We are delighted to announce the 10,000th item to appear in St Andrews Research Repository is a paper by Peter Moran, Mike Ritchie and Nathan Bailey from the School of Biology, Centre for Biological Diversity.
The University's repository aims to give to the widest possible access to the research output of our academic community, supporting our open access policy statement:
The value and utility of research outputs increases the more widely available they are to be read and used by others.
The shared effort described in our previous blog post has allowed us to increase visibility of research, and help researchers meet the open access requirements of funders. Authors deposit versions of their research publications into the University's research information system (Pure), to be made open access following any embargo periods in St Andrews Research Repository. Library staff support researchers by checking publisher policies, to make sure we don't breach any copyright rules. The Library also provides support for thesis deposit direct to the repository, as well as support services in other areas of digital research activity.
The support services leave our researchers free to concentrate on their research, and to explore fascinating topics such as the diversity of life. The authors of our 'milestone' StARR paper have provided the following layman's description of their work:
Rule-Breakers: When Females Bear the Costs of Inter-Species Mating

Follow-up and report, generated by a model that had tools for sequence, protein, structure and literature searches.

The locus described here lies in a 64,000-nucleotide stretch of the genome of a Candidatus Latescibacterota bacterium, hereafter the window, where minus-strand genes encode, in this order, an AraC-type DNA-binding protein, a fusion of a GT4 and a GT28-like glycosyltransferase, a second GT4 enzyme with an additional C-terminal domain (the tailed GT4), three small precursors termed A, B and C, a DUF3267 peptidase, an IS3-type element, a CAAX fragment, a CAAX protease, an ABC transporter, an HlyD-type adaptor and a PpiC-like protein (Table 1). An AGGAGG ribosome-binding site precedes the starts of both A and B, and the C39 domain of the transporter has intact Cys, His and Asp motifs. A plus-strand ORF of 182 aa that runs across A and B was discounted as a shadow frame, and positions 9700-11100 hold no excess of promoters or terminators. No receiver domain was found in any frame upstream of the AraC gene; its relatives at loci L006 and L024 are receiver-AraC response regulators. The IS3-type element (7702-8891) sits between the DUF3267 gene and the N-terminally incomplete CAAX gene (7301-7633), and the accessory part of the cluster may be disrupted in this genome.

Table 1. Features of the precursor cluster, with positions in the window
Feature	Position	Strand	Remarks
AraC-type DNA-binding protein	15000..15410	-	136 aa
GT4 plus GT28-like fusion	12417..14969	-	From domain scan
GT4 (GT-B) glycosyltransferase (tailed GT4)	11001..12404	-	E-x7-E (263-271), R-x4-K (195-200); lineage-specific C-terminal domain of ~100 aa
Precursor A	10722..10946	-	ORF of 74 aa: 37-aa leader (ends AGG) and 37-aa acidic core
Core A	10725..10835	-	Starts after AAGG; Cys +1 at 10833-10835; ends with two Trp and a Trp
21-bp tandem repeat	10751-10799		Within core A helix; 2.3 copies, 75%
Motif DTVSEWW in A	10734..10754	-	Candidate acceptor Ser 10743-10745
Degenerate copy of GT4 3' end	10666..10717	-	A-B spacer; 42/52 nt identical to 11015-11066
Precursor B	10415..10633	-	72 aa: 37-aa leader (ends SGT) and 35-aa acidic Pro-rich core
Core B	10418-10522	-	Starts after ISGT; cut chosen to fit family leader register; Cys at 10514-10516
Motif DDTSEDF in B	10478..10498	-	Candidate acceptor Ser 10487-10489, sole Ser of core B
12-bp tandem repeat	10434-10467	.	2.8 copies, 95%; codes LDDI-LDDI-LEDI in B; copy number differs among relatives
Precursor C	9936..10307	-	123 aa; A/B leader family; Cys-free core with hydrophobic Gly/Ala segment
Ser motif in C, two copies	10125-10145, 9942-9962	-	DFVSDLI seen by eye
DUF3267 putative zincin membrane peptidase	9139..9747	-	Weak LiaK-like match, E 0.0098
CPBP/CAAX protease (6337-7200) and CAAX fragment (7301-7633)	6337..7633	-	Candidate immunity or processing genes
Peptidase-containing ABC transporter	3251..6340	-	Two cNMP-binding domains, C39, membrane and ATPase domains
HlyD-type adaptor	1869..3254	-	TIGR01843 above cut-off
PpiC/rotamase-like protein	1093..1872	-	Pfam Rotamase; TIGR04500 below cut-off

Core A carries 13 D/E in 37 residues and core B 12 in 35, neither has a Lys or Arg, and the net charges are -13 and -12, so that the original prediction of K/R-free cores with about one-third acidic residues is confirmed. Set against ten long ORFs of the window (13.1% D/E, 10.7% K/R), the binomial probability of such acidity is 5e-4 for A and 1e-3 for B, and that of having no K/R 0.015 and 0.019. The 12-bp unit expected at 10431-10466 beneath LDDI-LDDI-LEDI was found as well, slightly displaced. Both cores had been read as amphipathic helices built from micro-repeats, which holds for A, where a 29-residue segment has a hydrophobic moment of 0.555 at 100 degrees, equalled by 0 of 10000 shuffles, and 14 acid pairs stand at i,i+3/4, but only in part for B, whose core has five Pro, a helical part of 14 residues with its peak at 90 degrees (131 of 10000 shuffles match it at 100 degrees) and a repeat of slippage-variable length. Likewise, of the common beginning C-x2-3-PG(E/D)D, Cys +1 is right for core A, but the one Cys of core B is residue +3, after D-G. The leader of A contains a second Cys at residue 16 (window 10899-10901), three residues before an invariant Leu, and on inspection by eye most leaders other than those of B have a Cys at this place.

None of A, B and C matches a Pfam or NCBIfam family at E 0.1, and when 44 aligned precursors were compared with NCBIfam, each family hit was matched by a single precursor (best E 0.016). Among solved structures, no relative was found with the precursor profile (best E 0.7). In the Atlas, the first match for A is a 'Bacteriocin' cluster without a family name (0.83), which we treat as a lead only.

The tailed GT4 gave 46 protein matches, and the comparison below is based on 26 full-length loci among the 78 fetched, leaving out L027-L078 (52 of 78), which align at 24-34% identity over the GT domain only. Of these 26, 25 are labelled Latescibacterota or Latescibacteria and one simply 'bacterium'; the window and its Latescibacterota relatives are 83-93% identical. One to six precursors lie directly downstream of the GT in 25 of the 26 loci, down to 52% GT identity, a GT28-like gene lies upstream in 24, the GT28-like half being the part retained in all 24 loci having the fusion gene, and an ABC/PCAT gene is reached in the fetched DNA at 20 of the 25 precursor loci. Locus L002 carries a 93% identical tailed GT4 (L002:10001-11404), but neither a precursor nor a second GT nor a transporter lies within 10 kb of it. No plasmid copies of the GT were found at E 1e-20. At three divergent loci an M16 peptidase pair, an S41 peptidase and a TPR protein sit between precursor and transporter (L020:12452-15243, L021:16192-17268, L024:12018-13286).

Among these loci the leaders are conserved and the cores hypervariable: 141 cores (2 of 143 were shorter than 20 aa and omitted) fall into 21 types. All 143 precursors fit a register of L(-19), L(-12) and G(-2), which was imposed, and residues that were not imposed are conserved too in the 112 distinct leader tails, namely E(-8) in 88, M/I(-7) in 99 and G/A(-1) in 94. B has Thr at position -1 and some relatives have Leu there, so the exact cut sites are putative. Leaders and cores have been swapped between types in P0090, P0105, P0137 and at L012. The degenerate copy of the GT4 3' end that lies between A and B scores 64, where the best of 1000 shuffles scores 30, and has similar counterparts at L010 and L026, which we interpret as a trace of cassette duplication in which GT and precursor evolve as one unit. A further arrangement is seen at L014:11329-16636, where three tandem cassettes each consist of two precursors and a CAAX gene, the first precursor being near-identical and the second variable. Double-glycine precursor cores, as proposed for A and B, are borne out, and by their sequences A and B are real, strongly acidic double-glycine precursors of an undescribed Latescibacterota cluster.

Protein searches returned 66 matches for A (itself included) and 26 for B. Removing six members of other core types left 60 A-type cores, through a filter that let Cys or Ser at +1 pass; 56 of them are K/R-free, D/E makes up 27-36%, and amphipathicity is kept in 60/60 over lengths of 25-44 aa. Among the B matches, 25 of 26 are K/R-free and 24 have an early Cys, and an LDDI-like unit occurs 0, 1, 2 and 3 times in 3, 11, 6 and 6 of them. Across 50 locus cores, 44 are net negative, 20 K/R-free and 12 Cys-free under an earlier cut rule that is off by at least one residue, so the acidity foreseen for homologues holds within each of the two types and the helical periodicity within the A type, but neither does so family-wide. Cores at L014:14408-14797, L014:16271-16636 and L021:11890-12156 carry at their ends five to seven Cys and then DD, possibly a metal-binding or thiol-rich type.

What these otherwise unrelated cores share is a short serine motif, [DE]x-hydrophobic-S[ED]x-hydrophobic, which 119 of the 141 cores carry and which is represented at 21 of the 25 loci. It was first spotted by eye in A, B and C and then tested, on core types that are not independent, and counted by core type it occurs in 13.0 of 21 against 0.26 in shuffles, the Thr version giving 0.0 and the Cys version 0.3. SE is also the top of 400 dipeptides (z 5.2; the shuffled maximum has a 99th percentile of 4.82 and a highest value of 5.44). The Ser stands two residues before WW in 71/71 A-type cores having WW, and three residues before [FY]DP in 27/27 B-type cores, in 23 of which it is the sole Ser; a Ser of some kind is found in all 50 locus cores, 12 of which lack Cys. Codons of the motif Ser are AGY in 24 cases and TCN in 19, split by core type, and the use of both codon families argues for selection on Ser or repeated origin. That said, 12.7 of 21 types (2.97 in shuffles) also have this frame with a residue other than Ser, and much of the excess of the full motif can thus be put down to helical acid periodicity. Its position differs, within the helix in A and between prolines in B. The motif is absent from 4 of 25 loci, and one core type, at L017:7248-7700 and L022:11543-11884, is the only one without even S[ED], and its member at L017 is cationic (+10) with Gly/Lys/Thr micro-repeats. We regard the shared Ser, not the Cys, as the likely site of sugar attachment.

Why is life on Earth so diverse, with many related but distinct species? Understanding how new species form and are maintained requires us to test why related groups of individuals evolve reproductive isolation: the inability to reproduce with each other. One of the most consistent patterns of reproductive isolation is known as Haldane’s rule. It was coined by the eccentric scientist J.B.S. Haldane in 1922 and predicts that in crosses between different species or populations, if either sex of offspring suffers sterility or mortality it will be the sex carrying different sex chromosomes. The rule’s pervasiveness indicates that sex chromosomes might play a key role in barriers to reproduction between species. However, most research on Haldane’s rule has been conducted in species with conventional sex determination systems, and exceptions to the rule have been largely understudied. We examined a remarkably rare exception to Haldane’s rule in two closely related Australian field crickets, Teleogryllus oceanicus and T. commodus. Contrary to the predictions of Haldane’s Rule, hybrid females were sterile in both cross directions, while hybrid males were relatively fertile. We thought sterility in hybrid females might be caused by incompatibility between X chromosomes from the two different species, but surprisingly, we found no evidence to support such a scenario. Instead our results suggested a more complicated genetic basis to hybrid female sterility. It may be that exceptions to this widespread rule may be more common in systems without dimorphic sex chromosomes, which argues for further study of animals with unusual mechanisms of sex determination.The authors' accepted manuscript of "A rare exception to Haldane's rule: are X chromosomes key to hybrid incompatibilities?" published in the journal Heredity can be freely accessed from the repository at http://hdl.handle.net/10023/11234
|Peter Moran in the field|
The lead author completed his PhD in St Andrews, and his thesis is also available in the repository at http://hdl.handle.net/10023/10260
The university's Research Portal also provides links to Data underlying the paper and Projects that funded the work.